Overshadowed by the reality of the pandemic, the public discussion in countries in the region is heavily restricted. Cases of holding up and harassing civil society organizations were reported in Malaysia, attempting to instil fear among activists. Authorities have been calling CSOs working against corruption into police stations for questioning the government of certain activities during the pandemic. While the Malaysian parliament is being suspended due to the situation, a large amount of money is being spent without parliamentary approval. The suspension of democracy to varying degrees is the case in more than a few countries in the region, in the name of curbing the COVID-19 virus, and the shrinking of civic space seems to be a multi-country challenge. Mentioning also the situation in Myanmar, Ms. Gabriel reminded participants that “corruption issues are also human rights issues,” and that the current military rule in Myanmar is restraining access to information and reporting by the media.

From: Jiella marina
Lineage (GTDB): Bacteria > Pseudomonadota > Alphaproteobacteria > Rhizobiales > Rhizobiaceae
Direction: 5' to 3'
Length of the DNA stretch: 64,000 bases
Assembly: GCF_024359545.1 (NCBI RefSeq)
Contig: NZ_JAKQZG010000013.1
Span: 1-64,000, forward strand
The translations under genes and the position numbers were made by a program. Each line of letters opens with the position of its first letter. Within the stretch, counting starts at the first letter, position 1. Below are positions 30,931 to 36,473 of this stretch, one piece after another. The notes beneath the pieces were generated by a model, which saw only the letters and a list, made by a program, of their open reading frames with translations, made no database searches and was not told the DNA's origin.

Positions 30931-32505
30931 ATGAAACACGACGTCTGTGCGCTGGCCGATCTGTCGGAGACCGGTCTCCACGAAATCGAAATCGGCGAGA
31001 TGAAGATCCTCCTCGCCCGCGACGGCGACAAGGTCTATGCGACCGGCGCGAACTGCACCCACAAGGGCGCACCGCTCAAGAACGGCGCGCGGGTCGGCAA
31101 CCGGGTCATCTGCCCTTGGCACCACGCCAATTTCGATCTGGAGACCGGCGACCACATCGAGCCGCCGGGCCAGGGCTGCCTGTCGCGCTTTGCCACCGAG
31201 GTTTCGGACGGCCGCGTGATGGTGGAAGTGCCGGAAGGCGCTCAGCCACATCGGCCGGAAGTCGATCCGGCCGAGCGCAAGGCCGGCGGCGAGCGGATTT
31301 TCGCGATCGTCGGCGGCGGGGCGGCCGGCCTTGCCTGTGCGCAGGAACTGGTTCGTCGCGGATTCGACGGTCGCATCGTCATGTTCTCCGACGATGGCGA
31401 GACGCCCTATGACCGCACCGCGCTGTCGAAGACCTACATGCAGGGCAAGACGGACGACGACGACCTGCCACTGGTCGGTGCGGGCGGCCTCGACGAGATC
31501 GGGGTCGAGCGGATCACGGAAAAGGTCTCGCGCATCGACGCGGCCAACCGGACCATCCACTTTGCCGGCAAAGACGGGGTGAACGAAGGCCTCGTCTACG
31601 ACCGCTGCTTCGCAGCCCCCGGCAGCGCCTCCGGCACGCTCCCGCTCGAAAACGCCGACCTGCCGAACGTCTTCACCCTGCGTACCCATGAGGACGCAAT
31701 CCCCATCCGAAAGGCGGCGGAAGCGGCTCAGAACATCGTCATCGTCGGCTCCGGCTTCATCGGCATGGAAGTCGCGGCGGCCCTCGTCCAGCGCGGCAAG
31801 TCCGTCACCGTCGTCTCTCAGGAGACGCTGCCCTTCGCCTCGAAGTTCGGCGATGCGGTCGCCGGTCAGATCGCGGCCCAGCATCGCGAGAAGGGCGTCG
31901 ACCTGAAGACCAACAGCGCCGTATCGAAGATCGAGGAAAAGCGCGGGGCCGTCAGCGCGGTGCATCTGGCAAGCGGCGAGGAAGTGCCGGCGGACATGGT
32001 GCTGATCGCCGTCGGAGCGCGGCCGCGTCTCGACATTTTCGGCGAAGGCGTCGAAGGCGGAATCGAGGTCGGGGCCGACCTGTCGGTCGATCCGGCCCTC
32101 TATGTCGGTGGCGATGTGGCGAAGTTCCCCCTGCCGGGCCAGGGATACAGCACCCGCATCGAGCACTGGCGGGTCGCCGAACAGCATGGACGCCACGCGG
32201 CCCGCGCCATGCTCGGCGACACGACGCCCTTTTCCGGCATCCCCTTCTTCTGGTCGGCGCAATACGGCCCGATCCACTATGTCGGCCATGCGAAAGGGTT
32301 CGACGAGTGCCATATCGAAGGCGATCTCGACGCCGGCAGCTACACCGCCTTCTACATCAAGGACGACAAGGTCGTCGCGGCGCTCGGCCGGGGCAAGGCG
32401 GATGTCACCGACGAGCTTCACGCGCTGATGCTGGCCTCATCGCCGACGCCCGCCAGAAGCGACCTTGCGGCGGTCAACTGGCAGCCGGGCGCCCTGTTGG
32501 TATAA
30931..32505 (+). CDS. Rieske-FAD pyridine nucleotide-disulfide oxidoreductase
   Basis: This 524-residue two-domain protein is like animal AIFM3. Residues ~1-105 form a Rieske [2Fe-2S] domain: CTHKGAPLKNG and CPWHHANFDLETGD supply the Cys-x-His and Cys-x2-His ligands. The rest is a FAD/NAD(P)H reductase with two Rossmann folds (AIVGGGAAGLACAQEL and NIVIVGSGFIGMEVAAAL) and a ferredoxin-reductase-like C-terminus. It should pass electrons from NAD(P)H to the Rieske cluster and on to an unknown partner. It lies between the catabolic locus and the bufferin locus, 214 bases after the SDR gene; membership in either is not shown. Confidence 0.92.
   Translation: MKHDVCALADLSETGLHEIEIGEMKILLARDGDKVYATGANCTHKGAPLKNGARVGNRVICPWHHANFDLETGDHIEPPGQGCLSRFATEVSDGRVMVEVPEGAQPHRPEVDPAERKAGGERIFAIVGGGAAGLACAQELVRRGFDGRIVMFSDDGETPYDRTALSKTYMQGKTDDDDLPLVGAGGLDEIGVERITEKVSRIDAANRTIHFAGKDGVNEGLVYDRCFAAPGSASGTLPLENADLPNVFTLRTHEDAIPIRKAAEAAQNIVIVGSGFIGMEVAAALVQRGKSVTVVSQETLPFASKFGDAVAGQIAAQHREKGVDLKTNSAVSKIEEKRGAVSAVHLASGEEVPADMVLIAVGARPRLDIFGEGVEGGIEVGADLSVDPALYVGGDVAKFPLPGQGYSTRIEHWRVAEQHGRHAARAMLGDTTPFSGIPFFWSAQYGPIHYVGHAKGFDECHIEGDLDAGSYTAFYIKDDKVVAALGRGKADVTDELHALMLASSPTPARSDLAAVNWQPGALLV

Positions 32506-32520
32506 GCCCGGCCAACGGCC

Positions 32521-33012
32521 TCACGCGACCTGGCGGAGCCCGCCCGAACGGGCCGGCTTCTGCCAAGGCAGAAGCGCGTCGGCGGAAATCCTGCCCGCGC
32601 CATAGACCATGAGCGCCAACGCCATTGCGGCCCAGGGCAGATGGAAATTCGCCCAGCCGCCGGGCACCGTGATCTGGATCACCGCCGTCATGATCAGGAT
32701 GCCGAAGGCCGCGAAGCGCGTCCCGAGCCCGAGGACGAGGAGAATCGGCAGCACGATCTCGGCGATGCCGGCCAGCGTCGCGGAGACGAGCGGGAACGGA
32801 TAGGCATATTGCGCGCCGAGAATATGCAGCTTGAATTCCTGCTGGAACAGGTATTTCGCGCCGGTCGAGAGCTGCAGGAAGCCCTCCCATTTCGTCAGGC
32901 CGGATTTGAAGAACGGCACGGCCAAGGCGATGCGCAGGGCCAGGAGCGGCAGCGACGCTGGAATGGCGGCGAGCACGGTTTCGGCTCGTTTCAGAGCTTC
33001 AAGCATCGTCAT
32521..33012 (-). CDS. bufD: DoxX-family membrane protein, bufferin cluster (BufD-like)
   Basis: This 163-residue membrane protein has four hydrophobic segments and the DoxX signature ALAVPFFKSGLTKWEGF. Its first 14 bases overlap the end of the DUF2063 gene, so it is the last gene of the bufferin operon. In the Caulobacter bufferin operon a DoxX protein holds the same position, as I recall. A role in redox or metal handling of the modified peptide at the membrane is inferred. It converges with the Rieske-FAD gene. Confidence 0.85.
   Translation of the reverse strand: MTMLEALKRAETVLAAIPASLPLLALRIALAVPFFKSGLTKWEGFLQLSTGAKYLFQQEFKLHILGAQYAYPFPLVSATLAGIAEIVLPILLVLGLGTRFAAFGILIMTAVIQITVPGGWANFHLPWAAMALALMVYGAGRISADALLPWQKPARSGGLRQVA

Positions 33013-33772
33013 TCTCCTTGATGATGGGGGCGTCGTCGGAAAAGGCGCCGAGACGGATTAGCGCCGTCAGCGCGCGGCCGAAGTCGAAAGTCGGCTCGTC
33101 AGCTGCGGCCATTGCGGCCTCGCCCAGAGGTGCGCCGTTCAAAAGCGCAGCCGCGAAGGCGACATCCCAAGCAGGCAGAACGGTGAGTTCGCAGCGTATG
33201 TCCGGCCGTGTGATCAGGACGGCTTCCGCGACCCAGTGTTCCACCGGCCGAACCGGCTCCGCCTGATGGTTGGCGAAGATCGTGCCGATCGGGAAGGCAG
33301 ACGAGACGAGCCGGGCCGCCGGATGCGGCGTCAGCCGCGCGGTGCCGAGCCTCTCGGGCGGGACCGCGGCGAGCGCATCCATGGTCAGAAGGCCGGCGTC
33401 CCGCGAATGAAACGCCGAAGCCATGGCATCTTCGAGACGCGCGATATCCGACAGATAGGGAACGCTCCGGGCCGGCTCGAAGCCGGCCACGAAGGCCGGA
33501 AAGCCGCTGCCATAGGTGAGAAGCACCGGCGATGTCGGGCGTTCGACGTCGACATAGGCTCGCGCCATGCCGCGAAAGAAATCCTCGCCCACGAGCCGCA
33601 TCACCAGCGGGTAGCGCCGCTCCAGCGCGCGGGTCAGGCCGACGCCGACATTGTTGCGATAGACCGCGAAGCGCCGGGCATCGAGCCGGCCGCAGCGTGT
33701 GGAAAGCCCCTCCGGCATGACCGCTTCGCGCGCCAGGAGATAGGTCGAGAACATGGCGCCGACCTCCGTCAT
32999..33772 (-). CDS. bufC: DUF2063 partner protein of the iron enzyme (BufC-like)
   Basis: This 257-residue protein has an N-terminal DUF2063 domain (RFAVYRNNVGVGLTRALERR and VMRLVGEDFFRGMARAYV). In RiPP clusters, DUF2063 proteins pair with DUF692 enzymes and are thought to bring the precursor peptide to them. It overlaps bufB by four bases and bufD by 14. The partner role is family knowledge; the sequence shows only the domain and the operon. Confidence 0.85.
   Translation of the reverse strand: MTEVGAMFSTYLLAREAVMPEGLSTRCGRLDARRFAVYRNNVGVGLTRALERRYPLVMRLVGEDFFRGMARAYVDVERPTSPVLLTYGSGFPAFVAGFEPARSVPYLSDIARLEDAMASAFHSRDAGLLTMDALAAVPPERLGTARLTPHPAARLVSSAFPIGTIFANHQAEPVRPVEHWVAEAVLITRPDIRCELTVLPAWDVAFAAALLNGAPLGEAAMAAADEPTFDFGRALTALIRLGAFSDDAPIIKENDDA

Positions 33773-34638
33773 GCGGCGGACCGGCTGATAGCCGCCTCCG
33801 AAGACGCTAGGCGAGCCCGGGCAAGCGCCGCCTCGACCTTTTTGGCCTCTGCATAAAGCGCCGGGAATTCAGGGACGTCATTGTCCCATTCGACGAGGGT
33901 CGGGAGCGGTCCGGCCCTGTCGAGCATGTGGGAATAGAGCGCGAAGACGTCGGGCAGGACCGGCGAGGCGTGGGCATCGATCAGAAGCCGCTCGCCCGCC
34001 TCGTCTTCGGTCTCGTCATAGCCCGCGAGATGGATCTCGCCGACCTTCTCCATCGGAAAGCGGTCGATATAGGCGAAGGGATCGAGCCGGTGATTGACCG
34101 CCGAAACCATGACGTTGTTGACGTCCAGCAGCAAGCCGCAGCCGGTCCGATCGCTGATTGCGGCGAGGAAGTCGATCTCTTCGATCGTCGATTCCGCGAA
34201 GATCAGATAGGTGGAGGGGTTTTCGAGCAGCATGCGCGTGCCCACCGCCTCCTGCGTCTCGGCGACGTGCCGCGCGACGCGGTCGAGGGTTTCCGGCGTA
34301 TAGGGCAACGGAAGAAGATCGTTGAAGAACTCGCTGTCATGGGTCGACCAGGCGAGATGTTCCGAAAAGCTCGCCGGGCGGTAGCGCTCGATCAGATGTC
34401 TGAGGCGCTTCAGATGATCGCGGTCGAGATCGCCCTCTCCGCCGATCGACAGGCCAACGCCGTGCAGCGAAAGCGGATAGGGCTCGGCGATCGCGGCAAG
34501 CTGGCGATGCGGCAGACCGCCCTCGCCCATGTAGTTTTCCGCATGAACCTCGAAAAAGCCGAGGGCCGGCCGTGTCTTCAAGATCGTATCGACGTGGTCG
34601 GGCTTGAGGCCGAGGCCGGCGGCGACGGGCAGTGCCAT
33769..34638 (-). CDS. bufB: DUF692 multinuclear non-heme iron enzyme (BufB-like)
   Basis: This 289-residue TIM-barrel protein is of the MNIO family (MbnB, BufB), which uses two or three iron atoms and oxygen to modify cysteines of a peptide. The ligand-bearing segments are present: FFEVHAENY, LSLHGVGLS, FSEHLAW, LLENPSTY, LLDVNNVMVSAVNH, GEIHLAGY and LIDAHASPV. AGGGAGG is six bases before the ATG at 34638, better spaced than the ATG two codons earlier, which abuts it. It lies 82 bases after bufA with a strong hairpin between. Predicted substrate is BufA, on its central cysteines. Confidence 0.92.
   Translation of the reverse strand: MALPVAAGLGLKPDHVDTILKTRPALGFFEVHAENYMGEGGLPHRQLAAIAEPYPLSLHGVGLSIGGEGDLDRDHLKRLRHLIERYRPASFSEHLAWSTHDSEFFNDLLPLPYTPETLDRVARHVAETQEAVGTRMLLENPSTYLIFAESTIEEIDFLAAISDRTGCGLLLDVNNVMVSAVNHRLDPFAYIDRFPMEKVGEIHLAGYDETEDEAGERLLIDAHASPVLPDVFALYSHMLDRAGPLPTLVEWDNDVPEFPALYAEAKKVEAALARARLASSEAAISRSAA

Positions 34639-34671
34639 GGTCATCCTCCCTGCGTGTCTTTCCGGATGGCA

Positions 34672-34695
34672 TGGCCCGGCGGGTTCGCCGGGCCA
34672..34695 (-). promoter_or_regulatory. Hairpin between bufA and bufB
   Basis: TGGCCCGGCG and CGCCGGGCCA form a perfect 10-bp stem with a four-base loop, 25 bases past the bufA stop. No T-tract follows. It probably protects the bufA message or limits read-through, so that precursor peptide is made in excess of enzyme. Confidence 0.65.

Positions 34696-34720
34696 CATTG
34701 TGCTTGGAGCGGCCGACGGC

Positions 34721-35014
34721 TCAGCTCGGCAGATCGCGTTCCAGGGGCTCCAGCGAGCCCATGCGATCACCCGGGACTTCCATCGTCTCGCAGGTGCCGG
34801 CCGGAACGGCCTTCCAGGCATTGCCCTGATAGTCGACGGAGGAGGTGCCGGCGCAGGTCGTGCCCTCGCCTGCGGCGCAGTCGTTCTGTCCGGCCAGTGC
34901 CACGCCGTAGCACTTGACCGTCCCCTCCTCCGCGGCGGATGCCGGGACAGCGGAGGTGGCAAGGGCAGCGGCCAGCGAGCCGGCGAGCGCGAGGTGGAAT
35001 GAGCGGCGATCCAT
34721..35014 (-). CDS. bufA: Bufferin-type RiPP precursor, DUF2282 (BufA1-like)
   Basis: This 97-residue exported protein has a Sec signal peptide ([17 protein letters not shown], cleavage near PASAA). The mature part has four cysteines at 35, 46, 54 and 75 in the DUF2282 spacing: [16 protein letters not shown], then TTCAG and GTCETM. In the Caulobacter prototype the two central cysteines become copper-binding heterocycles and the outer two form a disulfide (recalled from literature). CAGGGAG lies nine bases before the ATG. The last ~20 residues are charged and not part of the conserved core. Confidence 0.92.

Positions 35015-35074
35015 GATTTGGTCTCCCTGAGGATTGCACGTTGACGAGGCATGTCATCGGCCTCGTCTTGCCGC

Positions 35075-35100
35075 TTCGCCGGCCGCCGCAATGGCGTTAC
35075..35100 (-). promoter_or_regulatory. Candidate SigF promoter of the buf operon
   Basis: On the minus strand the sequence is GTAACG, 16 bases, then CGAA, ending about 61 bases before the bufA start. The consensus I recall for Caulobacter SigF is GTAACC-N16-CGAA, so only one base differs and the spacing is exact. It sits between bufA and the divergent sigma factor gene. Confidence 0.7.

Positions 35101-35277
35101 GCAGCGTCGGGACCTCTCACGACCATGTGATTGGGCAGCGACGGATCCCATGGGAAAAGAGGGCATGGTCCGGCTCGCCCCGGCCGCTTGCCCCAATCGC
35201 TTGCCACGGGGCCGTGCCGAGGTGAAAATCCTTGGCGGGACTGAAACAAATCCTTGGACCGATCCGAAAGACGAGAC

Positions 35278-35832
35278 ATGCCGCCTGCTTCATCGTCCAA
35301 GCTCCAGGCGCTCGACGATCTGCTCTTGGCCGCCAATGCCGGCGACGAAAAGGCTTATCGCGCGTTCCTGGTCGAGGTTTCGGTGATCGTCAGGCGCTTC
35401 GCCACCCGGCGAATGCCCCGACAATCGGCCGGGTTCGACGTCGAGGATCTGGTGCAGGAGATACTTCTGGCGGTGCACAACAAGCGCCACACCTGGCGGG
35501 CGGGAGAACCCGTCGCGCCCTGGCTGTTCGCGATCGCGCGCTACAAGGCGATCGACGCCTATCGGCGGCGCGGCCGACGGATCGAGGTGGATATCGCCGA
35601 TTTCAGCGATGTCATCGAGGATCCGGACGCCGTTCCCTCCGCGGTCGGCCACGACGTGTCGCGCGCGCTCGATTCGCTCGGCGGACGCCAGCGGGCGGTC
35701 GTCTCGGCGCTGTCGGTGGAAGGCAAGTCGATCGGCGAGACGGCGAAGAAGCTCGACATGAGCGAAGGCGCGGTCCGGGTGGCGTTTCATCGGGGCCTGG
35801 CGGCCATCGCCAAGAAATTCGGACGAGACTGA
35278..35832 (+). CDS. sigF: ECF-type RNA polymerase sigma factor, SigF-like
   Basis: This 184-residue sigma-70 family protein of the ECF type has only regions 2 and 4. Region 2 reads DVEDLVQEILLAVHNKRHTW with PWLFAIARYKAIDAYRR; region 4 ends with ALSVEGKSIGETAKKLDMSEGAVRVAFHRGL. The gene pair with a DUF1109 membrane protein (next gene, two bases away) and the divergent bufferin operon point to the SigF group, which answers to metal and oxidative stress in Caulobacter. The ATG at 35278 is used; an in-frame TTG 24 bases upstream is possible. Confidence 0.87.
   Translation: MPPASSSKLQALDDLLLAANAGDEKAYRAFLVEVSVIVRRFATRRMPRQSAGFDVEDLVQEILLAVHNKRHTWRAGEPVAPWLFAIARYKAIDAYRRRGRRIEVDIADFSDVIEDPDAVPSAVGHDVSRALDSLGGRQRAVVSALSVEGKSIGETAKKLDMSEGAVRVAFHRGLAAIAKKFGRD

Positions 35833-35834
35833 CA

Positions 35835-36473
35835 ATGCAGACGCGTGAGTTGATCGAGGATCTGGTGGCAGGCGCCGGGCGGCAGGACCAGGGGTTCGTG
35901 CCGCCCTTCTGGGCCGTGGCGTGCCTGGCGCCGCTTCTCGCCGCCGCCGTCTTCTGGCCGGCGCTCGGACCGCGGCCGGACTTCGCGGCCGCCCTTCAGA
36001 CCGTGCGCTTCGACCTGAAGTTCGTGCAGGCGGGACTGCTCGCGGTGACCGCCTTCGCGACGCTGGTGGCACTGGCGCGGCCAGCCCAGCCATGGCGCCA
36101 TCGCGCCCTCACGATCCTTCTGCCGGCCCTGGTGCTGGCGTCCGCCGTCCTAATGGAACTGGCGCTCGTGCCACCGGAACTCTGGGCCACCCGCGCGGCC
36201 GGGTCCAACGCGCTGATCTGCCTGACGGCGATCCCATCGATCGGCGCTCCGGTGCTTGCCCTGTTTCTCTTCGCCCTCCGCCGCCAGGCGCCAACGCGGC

Ms. Gabriel concluded her presentation by highlighting that beyond the specific issue of the pandemic, transnational matters of illicit financial flows and money laundering are crucial issues to work on from a regional perspective. It is time to collaborate and to find ways how our local work can be brought up to the global community, through advocacy opportunities such as at the UNGASS. CSOs in Asia-Pacific should enhance collaboration and advocate for “real strategies that will make a real difference.”
Corruption and Governance Challenges in Handling the COVID-19 Pandemic: The Case of Nepal and Beyond
Babu Ram Poudel, Executive Director of the Forum for Protection of Public Interest (Pro Public) began his presentation with an overview of the outbreak of COVID-19 in Nepal. He highlighted governance challenges and corruption prevailing in Nepal, ranging from lack of transparency in the procurement of medical equipment, to lack of accountability and timely and effective investigations of related corruption cases. However, the governance challenges in handling COVID-19 are not unique to Nepal.